It is painfully difficult to say things that are not good, and how much more so, to say (G‑d forbid) bad things. I don’t want to scare anyone, but the present warning does not articulate even a part of what can (May G‑d have mercy and protect us!) happen. Heavy, dark clouds are looming. The Jew-haters are sharpening their teeth; the tormentors of our people are disseminating terrible incitement. And the only remedy to this perilous situation is the teshuvah movement, which must be activated by all Jewish men and women, regardless of whether they are old or young, poor or rich. This is not simply a question of loving one’s fellow Jews, but of saving one’s fellow Jews.

What is called for is complete teshuvah, ridding oneself of negative desires, and of unmonitored thoughts and words and actions. All those things vanish when a person is threatened by something fearful. It shakes him up, and makes him constantly aware of his dire predicament. In such a case, every soul-searching individual can find a reason to explain why his current misfortune has befallen him. This is not the case with the Jewish people at large. People do not realize what urgent advocacy is now being presented to the Heavenly Court on behalf of a Jew who sins, highlighting his merits and his mitigating circumstances.38 However, the sinner should preferably not find out how his current conduct is being defended – in positive language which in former times was not used even when describing consummate tzaddikim

We are obligated to arouse our fellow Jews to respond to the call, Shuvah Yisrael – “Return, O Israel!”39 This obligation takes precedence over discovering innovative insights in the course of one’s Torah study.40 I am not denying the value of chiddushim, G‑d forbid – but today, the urgent need is teshuvah, [as it was in Stalinist Russia]. Over there, people literally risked their lives to set up clandestine chadarim at a time when that was illegal, and some of them were in fact exiled to Siberia – whereas over here, one can study [and disseminate] Torah freely, thank G‑d, without any difficulty.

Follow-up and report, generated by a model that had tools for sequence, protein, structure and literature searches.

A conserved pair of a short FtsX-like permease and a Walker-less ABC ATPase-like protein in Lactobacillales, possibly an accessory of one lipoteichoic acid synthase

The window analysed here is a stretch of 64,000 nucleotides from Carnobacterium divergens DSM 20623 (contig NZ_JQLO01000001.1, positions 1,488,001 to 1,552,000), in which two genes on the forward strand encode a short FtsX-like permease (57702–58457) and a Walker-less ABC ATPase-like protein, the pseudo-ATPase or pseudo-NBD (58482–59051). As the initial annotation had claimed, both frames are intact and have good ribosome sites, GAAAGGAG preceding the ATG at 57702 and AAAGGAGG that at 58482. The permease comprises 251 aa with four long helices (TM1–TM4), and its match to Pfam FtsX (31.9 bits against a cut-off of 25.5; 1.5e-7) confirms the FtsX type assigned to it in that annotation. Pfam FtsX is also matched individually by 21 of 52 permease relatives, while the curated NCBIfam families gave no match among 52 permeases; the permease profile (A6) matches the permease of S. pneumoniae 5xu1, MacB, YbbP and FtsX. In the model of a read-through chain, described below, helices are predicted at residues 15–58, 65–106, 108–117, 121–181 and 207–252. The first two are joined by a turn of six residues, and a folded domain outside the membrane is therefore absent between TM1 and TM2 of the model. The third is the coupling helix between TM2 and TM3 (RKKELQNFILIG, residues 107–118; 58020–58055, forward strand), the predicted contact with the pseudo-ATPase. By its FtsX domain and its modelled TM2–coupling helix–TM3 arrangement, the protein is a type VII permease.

9. Once, during a very harsh year, the Baal Shem Tov cited the phrase, “The decree is due to be annulled.”41 He then raised the question with the Holy Brotherhood:42 How much time is granted for people to do teshuvah? In the story of Nineveh, we find a period of forty days.43 This, however, relates to non-Jews, who even after their teshuvah retain the status of gentiles, sons of Noah. In the case of Jews, we find that the period allowed for teshuvah is a year, as in the days of Mordechai and Esther.44

[That said,] a fool postpones; a wise man acts immediately.

10. [The Rebbe directed that the Alter Rebbe’s Niggun of Four Themes be sung, and that the closing theme be sung three times. He then said:]

Among the Alter Rebbe’s chassidim, that niggun was known as Tekiah Gedolah,” alluding to the verse, וּתְקַעְתִּיו יָתֵד בְּמָקוֹם נֶאֱמָן – “I shall wedge him in like a tent peg, in a firm place.”45 This can either mean that when meditating on a spiritual concept, one firmly fixes it within oneself, or that one firmly fixes oneself within that spiritual concept.

11. The year 5640 (1879-1880) in Russia was a harsh year of anti-Semitic decrees. The leading figure among the many public-spirited lobbyists was R. Yeshayahu Berlin. Once, when one such delegation returned to Lubavitch from Petersburg with unpromising tidings, my grandfather the Rebbe Maharash told them to prepare punch on which to say LeChaim. In fact they had already prepared it – in the spirit of the phrase46 that considers the possibility that one may discharge one’s obligation to relate the story of the Haggadah even before Pesach begins…

At the farbrengen that followed, they asked the Rebbe Maharash, “When will we see daylight?” And he answered: “The day after tomorrow.”

[The Rebbe Rayatz concluded:] That “day after tomorrow” is today. Nevertheless, there must be teshuvah, complete teshuvah – teshuvah over one’s intellectual activity, over one’s character traits, and over one’s thoughts, words and actions.47 And may G‑d grant that those who are present today in This World will be privileged, together with their families, to welcome our Righteous Mashiach in the immediate future. May G‑d grant that the birth pangs heralding the approach of Mashiach will be eased, and that daylight will soon appear.